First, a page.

We are delighted to announce that Zoe Parkin, Year 10, has won The Telegraph’s Journalists of Tomorrow competition, and her winning entry, a short story titled ‘Imagine’, will be published in The Telegraph this Sunday 28th June. Congratulations to Zoe on this fantastic achievement. Her story can be seen below, with accompanying photograph (above) by Miss Dalrymple:
by Zoe Parkin
Nine o’clock; rain had fallen this morning. A strange, sombre light had taken hold of the atmosphere. Any sunlight that dreamed of breaking the clouds surface had now been engulfed by heavy, ominous cloud. I looked around me, surrounded by four walls concealed in plaster and thick layers of egg shell paint, wondering if and when the world would let me escape. How strange it seemed to reminisce on a short twelve months ago, when everything was simple, and as it seemed.
Last April, twelve o’clock; sitting upon the tartan rug on the field next to the beach, my brother brought a tremendously sized picnic basket full of snacks and refreshments to enjoy. We spent hours laughing, playing swing ball and eating excessive amounts of crusty baguette, sweet cinnamon pastries and many punnets of raspberries. Hours went by under the blazing sunlight, he dozed off for a few hours and I read. I allowed myself to get lost in the tale of Moby Dick by Herman Melville, a story of friendship and adventure. How funny it seemed to think that a meagre twelve months away, the world would not be such a simple place.
The next morning, nine-thirty; we shovelled our cornflakes down so quickly we had tummy ache, guzzling our mugs of bitter coffee instantaneously and vaulting into my brothers pint-sized, cherry red car. Nine forty-five; we arrived at the beach, there were a few people walking their dogs but it was relatively quiet for such a pleasant day. Sprinting, we ran towards the sea, struggling as we hit the thick dry sand. Strolling into the water, it reached the top of my socks quickly as it began to get deeper. Crisp but refreshing, the icy water rushed over our ankles sending microscopic shivers up our spines. It was calming, my body totally relaxed in the vast blue waters of the immense ocean. We splashed for hours until larger volumes of people began to join us at around twelve o’clock. Finishing a typical spring day was never complete without a 99 cone with a chocolate finger and plenty of strawberry sauce. Looking out upon the enormous sea, we ate our ice-creams in silence, just absorbing the laughter and fun we had that weekend.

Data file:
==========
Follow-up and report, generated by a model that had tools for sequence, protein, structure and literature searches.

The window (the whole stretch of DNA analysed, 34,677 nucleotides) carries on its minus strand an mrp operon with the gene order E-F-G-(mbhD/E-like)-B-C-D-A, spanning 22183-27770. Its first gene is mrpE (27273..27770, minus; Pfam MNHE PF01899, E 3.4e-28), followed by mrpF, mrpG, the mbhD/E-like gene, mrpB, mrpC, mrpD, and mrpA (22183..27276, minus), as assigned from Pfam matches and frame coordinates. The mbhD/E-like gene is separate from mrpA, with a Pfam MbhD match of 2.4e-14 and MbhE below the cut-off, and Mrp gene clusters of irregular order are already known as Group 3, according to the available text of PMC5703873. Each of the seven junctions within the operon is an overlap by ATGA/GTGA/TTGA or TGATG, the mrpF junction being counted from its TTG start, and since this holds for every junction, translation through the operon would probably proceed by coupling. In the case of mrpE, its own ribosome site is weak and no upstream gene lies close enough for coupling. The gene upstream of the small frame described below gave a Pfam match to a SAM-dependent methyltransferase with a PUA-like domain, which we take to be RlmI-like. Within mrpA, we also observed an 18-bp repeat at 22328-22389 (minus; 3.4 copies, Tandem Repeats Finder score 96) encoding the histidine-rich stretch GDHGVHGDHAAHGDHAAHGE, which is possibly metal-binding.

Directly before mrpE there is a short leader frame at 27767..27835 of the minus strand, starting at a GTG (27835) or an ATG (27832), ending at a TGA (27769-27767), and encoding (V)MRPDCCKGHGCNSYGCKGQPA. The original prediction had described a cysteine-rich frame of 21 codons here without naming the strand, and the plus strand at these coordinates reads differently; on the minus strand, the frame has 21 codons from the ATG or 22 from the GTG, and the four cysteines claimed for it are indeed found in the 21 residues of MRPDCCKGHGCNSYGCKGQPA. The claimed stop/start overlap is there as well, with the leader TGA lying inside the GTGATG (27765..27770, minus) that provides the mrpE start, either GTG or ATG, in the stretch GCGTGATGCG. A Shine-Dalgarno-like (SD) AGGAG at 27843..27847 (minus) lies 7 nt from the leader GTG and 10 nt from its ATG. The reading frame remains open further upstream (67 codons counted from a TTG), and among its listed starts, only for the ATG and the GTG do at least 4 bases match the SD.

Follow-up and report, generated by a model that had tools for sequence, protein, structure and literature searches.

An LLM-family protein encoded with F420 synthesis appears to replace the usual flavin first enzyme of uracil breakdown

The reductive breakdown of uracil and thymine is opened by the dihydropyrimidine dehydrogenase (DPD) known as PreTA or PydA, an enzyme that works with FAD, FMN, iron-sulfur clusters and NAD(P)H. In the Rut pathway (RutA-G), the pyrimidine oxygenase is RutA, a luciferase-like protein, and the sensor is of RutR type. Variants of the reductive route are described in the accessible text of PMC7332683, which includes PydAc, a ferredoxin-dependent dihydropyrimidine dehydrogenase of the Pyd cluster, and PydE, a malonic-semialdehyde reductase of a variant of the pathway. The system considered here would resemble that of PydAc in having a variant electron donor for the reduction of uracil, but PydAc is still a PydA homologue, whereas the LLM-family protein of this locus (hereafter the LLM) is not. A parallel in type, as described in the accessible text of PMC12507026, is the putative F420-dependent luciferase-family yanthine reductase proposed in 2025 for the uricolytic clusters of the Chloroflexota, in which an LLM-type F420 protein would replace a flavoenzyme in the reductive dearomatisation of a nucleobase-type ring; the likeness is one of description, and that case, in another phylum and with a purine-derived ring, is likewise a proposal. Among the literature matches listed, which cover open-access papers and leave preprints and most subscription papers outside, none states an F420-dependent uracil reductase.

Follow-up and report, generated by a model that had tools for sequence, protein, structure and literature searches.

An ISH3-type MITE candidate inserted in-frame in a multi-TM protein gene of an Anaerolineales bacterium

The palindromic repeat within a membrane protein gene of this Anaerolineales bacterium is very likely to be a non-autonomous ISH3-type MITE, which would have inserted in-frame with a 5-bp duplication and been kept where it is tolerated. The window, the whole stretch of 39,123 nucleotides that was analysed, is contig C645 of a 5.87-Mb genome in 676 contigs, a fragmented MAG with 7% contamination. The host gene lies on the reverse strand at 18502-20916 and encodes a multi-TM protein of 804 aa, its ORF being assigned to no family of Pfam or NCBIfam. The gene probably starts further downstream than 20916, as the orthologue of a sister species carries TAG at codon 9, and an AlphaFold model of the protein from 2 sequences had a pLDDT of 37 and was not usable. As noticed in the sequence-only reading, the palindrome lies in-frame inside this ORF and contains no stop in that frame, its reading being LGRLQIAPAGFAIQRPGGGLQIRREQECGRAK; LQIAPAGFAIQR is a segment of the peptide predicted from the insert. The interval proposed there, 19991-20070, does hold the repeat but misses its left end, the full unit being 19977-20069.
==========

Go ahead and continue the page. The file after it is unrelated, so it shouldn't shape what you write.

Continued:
I now look out the double-glazed windows of my bedroom, out onto the tarmac of the roads with the occasional car passing by. I thought about those wondrous spring days for many hours, until the sky grew darker than it was before. I looked around me, surrounded by four walls concealed in plaster and thick layers of egg shell paint, wondering if and when the world would let me escape.